The Council of Yukon First Nations (CYFN) has launched a project to sort through its collection of thousands of historical records in the hopes of one day opening its own archive centre.
The nearly year-long effort, which began last month, will see a team of four specially-hired experts — project archivist Carey Isaak, archivist assistant Donna Darbyshire, assistant Kaylin Horassi and librarian Peggy D’Orsay — sort through and organize 1,782 boxes of material collected from CYFN’s old building in 1997.
The boxes are being held in a special vault at the Yukon Archives, where they’ve sat largely untouched since being moved there. Some of the boxes are still wrapped in the original plastic from the move.
“Sometimes you look forward to coming into work because there’s a lot of stuff you want to look at, work on, and then there are other days where it’s like, ‘Oh God, I’ve got to do that again, got to look at those files again,’” Isaak said in an interview Oct. 25 during CYFN’s Elders and Youth Gathering in Whitehorse.
He and Darbyshire were manning a booth at the gathering to raise awareness about their work and to display some of the material they’ve discovered so far. Among the items laid out on their table were dozens of photos from the now-defunct Yukon Indian News newspaper, an original bound copy of the Umbrella Final Agreement and the certificate of incorporation for one of CYFN’s predecessors, the Yukon Native Brotherhood.
Isaak and Darbyshire said they’re still largely sorting and appraising the material in all the boxes.
“You’re finding, some boxes are mixed,” Isaak explained. “Some have, say, minutes from executive meetings from the ‘80s or ‘90s, (files from a) general assembly, housing, education, health and social development, pipeline, land claims … So eventually, what we have to do is go through that box and separate (the files) and then rehouse them all together so that all the housing will be all together, all the education, all the land claims will be together. So that’s a lengthy process.”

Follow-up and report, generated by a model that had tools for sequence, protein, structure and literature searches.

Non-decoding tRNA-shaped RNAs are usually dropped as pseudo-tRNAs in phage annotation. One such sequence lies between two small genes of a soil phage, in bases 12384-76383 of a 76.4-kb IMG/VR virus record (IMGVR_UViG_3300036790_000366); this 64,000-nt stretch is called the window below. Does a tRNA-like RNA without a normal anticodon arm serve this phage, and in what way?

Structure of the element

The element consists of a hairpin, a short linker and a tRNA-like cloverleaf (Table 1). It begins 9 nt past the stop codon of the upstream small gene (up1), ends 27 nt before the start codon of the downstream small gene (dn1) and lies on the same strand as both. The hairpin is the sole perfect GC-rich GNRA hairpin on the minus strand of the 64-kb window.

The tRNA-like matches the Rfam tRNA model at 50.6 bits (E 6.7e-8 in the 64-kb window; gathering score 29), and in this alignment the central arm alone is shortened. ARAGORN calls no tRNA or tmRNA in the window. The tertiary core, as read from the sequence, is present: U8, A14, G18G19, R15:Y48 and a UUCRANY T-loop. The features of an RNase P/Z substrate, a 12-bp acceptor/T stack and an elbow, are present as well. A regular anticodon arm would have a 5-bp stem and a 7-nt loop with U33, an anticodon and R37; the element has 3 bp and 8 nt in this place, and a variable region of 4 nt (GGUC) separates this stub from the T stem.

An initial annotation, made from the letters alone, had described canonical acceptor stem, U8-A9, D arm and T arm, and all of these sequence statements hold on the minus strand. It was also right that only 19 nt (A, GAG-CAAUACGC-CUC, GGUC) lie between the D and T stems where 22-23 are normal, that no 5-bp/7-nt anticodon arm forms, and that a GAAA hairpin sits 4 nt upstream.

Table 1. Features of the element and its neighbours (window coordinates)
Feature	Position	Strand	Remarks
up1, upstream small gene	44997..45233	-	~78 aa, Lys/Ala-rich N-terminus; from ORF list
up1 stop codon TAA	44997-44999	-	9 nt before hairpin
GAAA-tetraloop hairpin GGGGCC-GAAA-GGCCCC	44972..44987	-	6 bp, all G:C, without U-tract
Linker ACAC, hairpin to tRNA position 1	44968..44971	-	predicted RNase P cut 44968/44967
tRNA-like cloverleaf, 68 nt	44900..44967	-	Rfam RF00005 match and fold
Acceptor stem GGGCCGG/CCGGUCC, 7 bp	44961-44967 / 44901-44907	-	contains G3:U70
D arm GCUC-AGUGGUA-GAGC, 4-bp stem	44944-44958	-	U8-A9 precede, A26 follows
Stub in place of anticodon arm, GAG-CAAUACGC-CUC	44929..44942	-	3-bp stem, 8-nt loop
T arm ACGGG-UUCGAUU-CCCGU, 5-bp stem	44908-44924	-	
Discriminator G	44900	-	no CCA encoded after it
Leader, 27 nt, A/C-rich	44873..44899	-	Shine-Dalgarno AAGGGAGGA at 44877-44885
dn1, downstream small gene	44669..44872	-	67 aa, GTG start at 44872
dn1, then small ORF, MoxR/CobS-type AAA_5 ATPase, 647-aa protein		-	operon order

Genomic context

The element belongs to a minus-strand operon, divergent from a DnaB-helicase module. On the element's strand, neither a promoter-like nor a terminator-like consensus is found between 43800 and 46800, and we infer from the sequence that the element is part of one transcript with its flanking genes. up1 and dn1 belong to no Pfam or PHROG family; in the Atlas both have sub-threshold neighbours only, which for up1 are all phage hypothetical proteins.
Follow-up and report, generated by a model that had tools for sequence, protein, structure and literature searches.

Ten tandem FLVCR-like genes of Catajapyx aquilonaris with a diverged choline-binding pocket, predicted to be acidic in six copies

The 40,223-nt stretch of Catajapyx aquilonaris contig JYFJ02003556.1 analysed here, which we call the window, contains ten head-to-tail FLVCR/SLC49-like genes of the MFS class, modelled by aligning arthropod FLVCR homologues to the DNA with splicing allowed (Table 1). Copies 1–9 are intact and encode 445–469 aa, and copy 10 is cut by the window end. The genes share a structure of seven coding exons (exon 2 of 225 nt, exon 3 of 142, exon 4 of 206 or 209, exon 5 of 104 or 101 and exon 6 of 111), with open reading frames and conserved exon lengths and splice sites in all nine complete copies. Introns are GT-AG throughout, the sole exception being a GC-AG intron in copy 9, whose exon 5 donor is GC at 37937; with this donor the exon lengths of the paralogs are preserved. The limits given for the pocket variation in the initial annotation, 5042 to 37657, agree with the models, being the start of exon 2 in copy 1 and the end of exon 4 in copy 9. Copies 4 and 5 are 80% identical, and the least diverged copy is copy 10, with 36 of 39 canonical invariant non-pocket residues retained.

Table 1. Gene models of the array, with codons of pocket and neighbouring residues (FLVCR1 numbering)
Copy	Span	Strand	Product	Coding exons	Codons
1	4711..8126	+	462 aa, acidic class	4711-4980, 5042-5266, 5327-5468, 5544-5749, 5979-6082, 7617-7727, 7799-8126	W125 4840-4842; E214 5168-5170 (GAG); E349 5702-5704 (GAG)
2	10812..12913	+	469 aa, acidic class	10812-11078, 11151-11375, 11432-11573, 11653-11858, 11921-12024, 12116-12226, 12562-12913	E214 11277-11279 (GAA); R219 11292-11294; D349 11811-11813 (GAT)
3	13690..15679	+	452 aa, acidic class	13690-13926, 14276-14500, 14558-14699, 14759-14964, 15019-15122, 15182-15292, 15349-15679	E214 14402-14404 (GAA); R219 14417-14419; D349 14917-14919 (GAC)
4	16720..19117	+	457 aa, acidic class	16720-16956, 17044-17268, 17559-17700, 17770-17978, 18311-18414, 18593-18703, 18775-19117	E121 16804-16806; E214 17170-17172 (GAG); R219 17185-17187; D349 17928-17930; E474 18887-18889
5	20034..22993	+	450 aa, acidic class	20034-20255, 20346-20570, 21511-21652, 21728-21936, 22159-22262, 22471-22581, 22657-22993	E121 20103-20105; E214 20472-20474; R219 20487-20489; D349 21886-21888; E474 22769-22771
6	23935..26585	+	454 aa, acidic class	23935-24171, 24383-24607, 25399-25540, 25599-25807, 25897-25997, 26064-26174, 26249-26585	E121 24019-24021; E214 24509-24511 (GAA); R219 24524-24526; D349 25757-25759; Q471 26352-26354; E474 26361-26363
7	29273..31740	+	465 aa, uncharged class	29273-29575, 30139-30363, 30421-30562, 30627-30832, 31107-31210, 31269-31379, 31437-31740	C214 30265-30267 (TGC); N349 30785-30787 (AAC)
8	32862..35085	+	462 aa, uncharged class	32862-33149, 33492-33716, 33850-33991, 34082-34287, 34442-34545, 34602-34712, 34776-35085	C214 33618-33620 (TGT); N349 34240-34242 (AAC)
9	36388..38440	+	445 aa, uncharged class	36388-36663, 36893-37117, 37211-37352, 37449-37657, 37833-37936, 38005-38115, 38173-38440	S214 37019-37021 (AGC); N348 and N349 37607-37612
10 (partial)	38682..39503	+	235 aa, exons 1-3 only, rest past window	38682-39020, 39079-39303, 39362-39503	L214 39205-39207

Along with documents are extensive collections of photos, videos and audio recordings, Darbyshire said — 7,100 film negatives, 900 videotapes, canisters containing 16-millimetre film the team is nervous to put on a projector because they’re in such a delicate state, and 2,850 audio cassettes with recordings of interview with elders, oral histories and First Nations language projects.
“It’d be nice to have them catalogued so people can listen to them and then get a copy of them,” she said.
“… As the elders die, I think it’s important that we have their words from the past through the audio cassettes and the photos of them … I mean, there’s so much material and reports that people have done over the years, they can learn off that material, so having it accessible, I think, is really important as a learning tool.”
The team is also getting rid of documents with no historical or legal value, such as old payrolls. They’ve identified about 130 boxes so far containing finance records that are no longer needed.
“They don’t really serve a purpose anymore — they should have been shredded a long, long time ago, so we’re now catching up with that,” Isaak said.
The project, which is being funded by a grant via the Documentary Heritage Communities Program run by Library and Archives Canada, is scheduled to run until the end of July 2019.
Until then, Isaak and Derbyshire said that it’s a full-time job for their team, with both of them even putting in hours on Saturdays in a bid to get the collection in order.
“There’s always something new to find,” Isaak said.
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